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Thursday, May 5, 2016

Col. Reinert nominated for Brigadier General

Monday, October 11, 2010

Colonel Patrick Reinert
Cherokee native also assistant U.S. Attorney

President Obama has recently nominated Army Reserve Col. Patrick J. Reinert, of Cedar Rapids, for promotion to the rank of Brigadier General and assignment as Chief Judge, (Troop Program Unit), U.S. Army Legal Service Agency, Arlington, Va.

Reinert is currently serving as senior military judge. As an Army judge, Reinert is commander of the 150th Judge Advocate General Detachment in Alexandria, Virginia, an Army Reserve Unit composed of military judges presiding over court-martials worldwide.

He was deployed from February 2005 to February 2006 and conducted over 90 courts-martial in Germany, Italy, Kuwait, Iraq and Afghanistan.

Reinert grew up outside of Cherokee and is the son of Joann Reinert. He and his wife Marla have five children.

As assistant U.S. attorney, the 49-year-old Reinert handles criminal prosecutions and serves as chief of the office's Organized Crime Drug Enforcement Task Force. He has been an assistant U.S. attorney in Iowa since 1990.

LTG Dana Chipman, The Judge Advocate General of the U.S. Army recently stated "I am pleased to inform you that the President of the United States has nominated Colonel Patrick J. Reinert for promotion to the rank of Brigadier General.

If confirmed by the Senate, Colonel Reinert will serve as Chief Judge (Individual Mobilization Augmentee), U.S. Army Court of Criminal Appeals.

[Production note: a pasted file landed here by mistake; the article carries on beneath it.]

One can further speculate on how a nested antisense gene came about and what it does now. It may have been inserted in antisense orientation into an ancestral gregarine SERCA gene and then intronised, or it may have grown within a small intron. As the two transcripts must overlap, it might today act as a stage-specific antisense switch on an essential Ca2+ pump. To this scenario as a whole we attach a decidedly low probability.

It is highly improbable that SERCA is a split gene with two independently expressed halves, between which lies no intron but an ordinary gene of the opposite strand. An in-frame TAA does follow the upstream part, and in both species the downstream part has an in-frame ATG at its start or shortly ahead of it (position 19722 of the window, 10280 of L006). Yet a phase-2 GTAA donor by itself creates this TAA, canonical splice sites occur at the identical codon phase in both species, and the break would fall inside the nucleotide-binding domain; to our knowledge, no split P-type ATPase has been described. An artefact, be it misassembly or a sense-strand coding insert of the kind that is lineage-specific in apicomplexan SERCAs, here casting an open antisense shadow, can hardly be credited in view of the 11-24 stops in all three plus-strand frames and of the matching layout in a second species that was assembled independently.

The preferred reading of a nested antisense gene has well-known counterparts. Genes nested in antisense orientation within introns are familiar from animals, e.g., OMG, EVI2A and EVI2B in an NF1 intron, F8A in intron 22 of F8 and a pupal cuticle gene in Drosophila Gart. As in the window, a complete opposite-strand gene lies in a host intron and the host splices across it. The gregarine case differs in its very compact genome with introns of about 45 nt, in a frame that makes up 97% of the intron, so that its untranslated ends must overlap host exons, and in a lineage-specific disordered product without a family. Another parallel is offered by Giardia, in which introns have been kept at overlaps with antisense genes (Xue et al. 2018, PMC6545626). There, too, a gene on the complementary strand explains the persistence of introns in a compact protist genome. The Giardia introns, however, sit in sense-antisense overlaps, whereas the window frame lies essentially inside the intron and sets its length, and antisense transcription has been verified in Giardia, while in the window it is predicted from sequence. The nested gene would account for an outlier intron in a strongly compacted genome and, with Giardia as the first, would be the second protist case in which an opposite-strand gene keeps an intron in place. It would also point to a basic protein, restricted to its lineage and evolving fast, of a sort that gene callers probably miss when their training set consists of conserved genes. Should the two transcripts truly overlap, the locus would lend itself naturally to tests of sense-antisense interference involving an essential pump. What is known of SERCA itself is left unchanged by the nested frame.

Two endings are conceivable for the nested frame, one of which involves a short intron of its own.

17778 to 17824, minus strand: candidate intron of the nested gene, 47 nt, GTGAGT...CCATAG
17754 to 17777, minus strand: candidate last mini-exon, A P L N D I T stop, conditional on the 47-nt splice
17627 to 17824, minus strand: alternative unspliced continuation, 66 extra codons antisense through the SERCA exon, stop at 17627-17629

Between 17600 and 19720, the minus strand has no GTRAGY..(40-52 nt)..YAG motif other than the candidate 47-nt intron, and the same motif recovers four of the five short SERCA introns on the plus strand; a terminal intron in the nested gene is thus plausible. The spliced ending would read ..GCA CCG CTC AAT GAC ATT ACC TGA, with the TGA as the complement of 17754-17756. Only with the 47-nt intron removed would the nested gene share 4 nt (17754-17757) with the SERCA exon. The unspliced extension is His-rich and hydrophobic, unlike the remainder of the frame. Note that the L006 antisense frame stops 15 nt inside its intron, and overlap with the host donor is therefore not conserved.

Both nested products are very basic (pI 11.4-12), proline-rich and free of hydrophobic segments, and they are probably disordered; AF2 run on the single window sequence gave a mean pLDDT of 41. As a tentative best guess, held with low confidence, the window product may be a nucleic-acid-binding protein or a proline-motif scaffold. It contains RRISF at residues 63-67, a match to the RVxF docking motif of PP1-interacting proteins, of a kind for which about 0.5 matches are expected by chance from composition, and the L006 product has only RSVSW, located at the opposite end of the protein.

Colonel Reinert is already a proven leader and the Corps and our Army will continue to greatly benefit from his experience and judgment. Colonel Reinert has been a Military Judge for the past eight years, expertly presiding over trials and training those who practice before him. While serving as a Military Judge, he presided over numerous courts-martial in Iraq, Afghanistan, and Kuwait. Colonel Reinert is a 2005 graduate of the United States Army War College.

In his civilian capacity, he is an Assistant United States Attorney in Cedar Rapids, where he is the Chief of the Organized Crime and Drug Enforcement Task Force.

Between these roles, he has logged many hours of trial experience, a factor that put him ahead of other candidates for military judge.

The criminal cases he's tried as a civilian and soldier are similar, including drug cases, assaults, shootings, domestic abuse, even murder. On the bench, he will hear a little bit of everything--mostly less serious felonies such as AWOL (Absence Without Leave) cases, assaults, minor drug distribution, and bad checks.

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